Taco Bell Opens Futuristic High-Tech Restaurant

Taco Bell is walking proudly and boldly into the future with the opening of its first tech-driven restaurant.

By Charlene Badasie | Published

This article is more than 2 years old

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Taco Bell is kicking off the summer season with a redesigned futuristic drive-thru. Cleverly called Taco Bell Defy, the Mexican-inspired restaurant chain said the newest high-tech location will open its doors in Brooklyn Park, Minnesota this week, The Verge reports. The new concept aims to reduce service times to two minutes or less while providing a fun, easy, and seamless drive-thru experience for customers, according to company President Mike Grams.

Taco Bell’s two-story location broke ground last summer and features four drive-thru lanes. Three of them will be dedicated to mobile and third-party delivery orders (like DoorDash and Uber Eats), while the fourth will service dedicated customers looking for the traditional drive-thru experience. The outlet is also equipped with digital check-in screens for mobile orders, unique QR codes, two-way audio, and video technology for customers to talk to restaurant employees, and a proprietary vertical lift to transport people’s favorite menu items.

The Minnesota-based fast-food outlet will be operated by local franchisee Border Foods, which has more than 230 Taco Bell locations across the Upper Midwest. “Taco Bell Defy embodies the innovative, entrepreneurial spirit of Minnesota businesses and franchisees,” Border Foods co-founder and CEO Lee Engler said in a statement via the New York Post. “It is a creative, technological solution for a faster, contactless experience for as many Taco Bell fans as possible and is poised to be the future of quick-service dining.”

Speaking about the Defy concept, Taco Bell President and Global COO Mike Grams said the location is an incredible innovation for their brand. It’s also one that’s meeting their consumer in a really unique way. “For decades we’ve been committed to providing a fast, safe, and friendly drive-thru experience. We’re thankful for our incredible 36-year partnership with Border Foods and feel like Taco Bell Defy is a culmination of years of success between our teams,” he wrote in a statement via Today. He also thanked local partners like Vertical Works, whose expertise helped make the vision possible.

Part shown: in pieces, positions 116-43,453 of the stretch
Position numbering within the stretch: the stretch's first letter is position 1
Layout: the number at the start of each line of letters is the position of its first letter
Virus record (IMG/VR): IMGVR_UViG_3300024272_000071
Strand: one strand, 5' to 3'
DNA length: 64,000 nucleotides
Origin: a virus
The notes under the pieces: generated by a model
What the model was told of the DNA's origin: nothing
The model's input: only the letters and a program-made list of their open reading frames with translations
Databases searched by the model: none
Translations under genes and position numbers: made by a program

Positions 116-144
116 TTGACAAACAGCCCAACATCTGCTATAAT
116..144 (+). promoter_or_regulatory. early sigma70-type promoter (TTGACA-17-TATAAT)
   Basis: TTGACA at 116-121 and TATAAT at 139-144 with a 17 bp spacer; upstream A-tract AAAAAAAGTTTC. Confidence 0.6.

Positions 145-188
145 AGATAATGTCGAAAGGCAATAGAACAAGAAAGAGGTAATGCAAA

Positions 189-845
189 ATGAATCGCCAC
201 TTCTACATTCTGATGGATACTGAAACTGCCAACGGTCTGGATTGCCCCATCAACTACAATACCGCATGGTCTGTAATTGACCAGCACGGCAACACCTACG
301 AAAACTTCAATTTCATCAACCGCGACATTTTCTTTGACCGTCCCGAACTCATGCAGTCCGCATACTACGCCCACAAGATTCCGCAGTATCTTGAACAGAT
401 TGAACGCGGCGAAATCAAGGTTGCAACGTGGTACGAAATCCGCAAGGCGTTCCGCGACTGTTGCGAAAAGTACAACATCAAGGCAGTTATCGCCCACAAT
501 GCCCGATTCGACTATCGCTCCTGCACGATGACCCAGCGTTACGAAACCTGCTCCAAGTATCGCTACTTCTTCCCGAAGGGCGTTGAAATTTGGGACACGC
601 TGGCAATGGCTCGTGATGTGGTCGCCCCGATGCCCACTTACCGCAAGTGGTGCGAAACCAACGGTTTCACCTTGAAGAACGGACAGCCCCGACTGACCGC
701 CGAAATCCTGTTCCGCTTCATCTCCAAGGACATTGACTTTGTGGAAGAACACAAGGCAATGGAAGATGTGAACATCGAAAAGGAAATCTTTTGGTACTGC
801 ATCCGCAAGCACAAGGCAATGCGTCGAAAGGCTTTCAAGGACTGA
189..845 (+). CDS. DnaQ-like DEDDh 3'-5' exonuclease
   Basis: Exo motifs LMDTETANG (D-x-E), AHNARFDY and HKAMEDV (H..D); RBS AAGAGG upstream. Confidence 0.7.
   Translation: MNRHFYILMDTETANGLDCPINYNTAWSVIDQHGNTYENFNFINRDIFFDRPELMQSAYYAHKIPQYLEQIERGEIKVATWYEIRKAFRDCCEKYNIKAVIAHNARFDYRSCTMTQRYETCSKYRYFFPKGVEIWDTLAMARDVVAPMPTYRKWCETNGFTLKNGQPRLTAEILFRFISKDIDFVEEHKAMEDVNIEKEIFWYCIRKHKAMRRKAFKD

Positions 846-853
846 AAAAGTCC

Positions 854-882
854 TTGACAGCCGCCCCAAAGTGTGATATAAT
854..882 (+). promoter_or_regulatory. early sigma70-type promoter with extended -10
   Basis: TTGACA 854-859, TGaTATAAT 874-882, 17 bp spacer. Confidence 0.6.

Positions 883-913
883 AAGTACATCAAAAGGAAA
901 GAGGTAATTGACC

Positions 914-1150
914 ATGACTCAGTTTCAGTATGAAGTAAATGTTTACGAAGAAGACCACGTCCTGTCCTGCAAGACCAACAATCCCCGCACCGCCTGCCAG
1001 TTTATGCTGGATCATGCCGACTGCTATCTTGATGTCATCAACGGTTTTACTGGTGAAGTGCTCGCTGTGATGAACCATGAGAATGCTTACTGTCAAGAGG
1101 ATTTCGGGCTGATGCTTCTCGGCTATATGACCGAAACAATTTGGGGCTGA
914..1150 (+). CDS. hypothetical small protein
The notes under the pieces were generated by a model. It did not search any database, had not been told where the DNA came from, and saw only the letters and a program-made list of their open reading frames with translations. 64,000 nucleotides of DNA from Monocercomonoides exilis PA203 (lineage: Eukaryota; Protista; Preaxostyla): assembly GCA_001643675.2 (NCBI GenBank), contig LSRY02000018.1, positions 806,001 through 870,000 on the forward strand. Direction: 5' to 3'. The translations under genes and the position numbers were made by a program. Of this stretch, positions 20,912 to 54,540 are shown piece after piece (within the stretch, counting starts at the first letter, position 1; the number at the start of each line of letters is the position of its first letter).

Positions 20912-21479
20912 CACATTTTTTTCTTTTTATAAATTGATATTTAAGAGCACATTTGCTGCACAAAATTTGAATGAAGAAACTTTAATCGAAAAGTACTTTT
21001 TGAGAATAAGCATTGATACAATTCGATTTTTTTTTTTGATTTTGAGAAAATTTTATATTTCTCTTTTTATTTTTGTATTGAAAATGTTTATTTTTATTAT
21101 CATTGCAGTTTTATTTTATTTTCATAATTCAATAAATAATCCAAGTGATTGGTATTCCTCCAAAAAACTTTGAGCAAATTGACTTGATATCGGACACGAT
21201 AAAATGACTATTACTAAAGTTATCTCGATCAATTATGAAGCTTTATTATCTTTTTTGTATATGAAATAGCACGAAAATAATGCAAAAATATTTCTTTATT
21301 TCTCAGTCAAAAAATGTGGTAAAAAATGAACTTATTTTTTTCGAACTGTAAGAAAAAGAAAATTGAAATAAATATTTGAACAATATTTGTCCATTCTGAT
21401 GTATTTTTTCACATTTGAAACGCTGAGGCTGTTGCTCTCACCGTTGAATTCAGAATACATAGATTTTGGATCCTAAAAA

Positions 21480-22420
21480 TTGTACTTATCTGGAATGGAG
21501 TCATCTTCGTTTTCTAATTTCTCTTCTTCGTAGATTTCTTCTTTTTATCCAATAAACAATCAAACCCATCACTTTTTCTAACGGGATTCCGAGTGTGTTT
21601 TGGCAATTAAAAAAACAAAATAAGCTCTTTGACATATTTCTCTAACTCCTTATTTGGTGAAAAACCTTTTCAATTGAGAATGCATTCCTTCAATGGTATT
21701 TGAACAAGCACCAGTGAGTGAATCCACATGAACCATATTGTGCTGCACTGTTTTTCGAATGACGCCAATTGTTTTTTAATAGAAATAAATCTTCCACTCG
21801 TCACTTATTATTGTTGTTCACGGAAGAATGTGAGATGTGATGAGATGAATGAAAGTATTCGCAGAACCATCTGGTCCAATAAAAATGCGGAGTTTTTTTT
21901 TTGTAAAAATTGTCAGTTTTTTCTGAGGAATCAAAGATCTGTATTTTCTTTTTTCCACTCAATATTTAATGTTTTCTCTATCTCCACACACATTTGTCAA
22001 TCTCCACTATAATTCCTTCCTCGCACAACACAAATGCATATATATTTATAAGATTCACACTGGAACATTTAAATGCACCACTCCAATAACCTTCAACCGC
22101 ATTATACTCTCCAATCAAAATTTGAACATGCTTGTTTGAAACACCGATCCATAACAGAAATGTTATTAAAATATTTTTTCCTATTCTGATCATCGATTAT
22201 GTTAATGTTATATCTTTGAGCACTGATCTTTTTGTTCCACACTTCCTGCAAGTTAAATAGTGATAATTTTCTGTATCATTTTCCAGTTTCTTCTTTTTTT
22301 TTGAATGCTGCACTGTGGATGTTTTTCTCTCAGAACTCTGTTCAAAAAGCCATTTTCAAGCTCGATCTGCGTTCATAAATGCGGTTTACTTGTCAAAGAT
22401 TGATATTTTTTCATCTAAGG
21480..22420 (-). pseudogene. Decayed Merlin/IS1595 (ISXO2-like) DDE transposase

Taco Bell also hinted that many of the features seen at Defy concept location could show up at other restaurants across the United States in the future. This isn’t surprising since a CNBC report revealed that drive-thru usage increased by about 26% in the middle of 2020. The same year, Taco Bell said 4.8 million vehicles passed through its drive-thrus as a result of the Covid-19 pandemic. Since food delivery apps were prominently used during the pandemic, ghost kitchens also made their mark among larger brands as restaurants moved to minimal contact food delivery for customers.

Interestingly, Taco Bell is one of several fast-food chains prioritizing a digital-ordering format. In 2019, CNBC said that McDonald’s started experimenting with artificial intelligence to save on labor costs and make adjustments to menus according to the weather and promotions. Sonic and Checkers have also been toying with AI for their drive-thrus. Not to be outdone, Chipotle is reportedly testing out a robotic chip-maker and White Castle hired robot fry cooks to flip burgers.